It’s hard to imagine that St. Clair County would have a ship named after it, but that is one of the little historical facts that have been lost over the years.
Not only do we have a ship named for the county, but a ship that served with honor in three wars.
Like many of the old WWII veterans, the USS St. Clair County has passed on, and the metal from its hull made into consumer products that may have past through our hands and homes.
The St. Clair, officially named LST 1096, was a Landing Ship Tank (LST), the military designation for naval vessels created during WWII to support amphibious operations.
Built with a flat bottom it could disgorge her cargo directly on the beach. Close to 1,000 were built during the war, and served for nearly 50 years in the U.S. Navy.
LST 1096 was named after St. Clair County. It served in three wars and earned one Battle Star in WWII, three in Korea, and two in Vietnam.
The St. Clair earned the Combat Action Ribbon, Navy Unit Commendation, RVN Gallantry Cross with Palm, RVN Civil Action Medal, First Class, with Palm, RVN Campaign Medal with 60's device and the Vietnam Service Medal and received a Navy unit commendation during her long career.
The St. Clair was launched and commissioned in 1945, and prepared for duty in the Pacific. It saw action in the Marshall Islands, the Marianas, the Western Carolines and supported operations in the Ryukyus.
It moved up to Luzon, but, with the Japanese surrender, the St. Clair returned to Okinawa with occupation troops.
It carried troops and supplies from the Philippines and Okinawa to Japan. Carrying returning veterans, it arrived at San Francisco in mid-January 1946.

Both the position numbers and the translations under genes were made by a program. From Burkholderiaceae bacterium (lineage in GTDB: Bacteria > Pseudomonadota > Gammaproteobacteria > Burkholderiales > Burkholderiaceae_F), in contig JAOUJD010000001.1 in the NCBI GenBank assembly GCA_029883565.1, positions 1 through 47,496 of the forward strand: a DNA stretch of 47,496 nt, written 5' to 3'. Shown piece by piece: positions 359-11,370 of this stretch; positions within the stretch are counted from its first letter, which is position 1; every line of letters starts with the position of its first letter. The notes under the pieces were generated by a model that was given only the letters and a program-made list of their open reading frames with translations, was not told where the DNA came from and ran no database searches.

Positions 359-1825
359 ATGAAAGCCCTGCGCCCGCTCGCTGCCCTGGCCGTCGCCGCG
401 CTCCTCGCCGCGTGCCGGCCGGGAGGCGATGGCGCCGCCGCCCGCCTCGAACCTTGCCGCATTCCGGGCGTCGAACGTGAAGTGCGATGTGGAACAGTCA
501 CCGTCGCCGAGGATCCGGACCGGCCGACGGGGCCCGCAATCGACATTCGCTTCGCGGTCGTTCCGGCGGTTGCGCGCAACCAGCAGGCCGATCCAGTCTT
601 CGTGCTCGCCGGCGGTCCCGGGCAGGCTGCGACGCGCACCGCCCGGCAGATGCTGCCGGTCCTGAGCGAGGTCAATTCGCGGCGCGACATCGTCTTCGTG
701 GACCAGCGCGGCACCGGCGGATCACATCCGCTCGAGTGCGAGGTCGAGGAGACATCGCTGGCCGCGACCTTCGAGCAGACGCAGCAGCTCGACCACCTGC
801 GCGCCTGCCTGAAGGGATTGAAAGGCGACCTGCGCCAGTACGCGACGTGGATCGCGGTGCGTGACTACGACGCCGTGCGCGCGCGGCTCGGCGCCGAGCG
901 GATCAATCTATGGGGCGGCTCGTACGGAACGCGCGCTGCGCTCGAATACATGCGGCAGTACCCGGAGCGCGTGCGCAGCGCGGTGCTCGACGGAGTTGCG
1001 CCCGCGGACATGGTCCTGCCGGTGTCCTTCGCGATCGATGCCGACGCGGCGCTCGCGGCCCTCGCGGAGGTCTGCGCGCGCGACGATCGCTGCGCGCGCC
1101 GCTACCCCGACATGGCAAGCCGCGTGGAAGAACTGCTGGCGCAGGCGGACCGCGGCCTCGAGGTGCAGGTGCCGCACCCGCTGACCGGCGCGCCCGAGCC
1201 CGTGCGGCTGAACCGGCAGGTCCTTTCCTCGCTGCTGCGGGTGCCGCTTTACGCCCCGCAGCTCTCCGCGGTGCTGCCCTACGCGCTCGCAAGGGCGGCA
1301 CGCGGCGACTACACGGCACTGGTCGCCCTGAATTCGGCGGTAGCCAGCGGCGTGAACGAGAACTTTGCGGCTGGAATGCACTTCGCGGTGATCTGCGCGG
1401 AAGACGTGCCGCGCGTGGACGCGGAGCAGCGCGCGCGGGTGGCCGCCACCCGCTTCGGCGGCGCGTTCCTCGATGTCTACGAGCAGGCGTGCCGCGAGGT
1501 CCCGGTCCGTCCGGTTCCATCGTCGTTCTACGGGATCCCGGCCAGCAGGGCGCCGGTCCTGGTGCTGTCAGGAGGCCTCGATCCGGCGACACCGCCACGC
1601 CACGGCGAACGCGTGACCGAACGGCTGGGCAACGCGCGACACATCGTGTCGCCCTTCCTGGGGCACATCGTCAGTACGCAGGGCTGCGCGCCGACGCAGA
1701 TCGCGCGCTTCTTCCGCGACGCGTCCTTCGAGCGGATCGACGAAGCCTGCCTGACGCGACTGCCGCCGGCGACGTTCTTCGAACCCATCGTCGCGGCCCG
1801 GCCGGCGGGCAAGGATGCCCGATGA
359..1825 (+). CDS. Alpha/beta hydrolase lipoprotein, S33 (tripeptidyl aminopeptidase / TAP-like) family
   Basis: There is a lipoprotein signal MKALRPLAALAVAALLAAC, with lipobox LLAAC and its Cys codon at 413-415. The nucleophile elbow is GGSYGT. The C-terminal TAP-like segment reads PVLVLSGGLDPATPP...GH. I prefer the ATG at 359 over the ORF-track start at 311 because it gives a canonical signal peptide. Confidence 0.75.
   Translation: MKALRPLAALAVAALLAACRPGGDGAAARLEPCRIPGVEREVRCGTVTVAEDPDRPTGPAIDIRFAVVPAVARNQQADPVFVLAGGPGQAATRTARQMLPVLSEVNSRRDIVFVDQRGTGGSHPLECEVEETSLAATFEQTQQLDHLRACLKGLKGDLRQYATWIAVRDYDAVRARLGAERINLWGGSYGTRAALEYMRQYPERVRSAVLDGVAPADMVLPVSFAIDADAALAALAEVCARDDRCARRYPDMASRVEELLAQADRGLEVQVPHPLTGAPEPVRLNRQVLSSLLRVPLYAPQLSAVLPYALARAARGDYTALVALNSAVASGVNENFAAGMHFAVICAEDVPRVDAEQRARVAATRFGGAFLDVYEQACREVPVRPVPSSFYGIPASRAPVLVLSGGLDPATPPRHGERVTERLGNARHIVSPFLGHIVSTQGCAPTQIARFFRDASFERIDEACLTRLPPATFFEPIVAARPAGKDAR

Ordered deactivated, it moved to Astoria, Ore., for “mothballing” and berthed with the Reserve Fleet where she remained through the end of the decade.
In June 1950, the North Korean Army crossed the 38th parallel into the Republic of Korea. As a part of the American buildup, LST-1096 was recommissioned.
In 1951, the St. Clair headed for Hawaii, Japan, and Korea. It arrived in Yokosuka to take up duties supporting United Nations operations in Korea. The St. Clair conducted amphibious exercises in Japanese waters, shuttled cargo and personnel between Japan and Korea, and transported prisoners of war.
In November, the St. Clair completed its last run and headed home. After the Korean truce agreement was reached in 1953, itcontinued its POW shuttle runs and completed its last run then continued east, arriving at San Diego.
In 1954 the St. Clair once again arrived in Yokosuka to begin her peacetime deployment.
She conducted exercises in Japanese, Korean and Okinawan waters. There, it participated in “Operation Passage to Freedom,” the transportation of people from the newly created Republic of Vietnam, north of the 17th Parallel, to the National State of Vietnam, south of that line. Operating between Haiphong and Tourane (now Danang), the St. Clair completed its last run from north to south in mid-November, visited Hong Kong, then returned to Japan.
Through the end of the 1950's and into 1960, the St. Clair rotated regularly between training exercises, cargo runs, and overhauls on the west coast and similar exercises and cargo operations with the 7th Fleet in the western Pacific.
During 1960 it also participated in the making of two motion pictures.
The USS St. Clair County sailed west again in 1966, and commenced logistic support duty for combat operations in its third war. After a stop at Okinawa, it offloaded cargo and personnel at Chu Lai, RVN, then proceeded to Subic Bay. In March, the St. Clair moved up to Saigon, and, on April 4, returned to Vung Tau, whence it transited the Mekong and Bassac rivers to call at Can Tho.
The St. Clair shuttled cargo between Chu Lai and Danang. It remained in WestPac through the remainder of the year, ferrying troops and cargo between Cua Viet and Danang and providing logistic support to Riverine forces, (also known as the Brown Water Navy in the Mekong Delta.)
The St. Clair returned to San Diego to prepare for inactivation. Ordered to Bremerton, she moved north and was decommissioned there on Sept. 26 1969.
In 1975 it was surplused out and became the LST 5 for a Singapore-based concern, and as the Greek-flagged Petrola 145 for a Panamanian organization. By 1988 at the ripe old age of 43, the St. Clair was worn out and was sold for scrapping, a sad end for a fighting ship of three wars. How many men served aboard her, and were carried into combat is hard to know.
But its service was proud enough to set with the other great namesake, the Battle ship USS Alabama in Mobile Bay.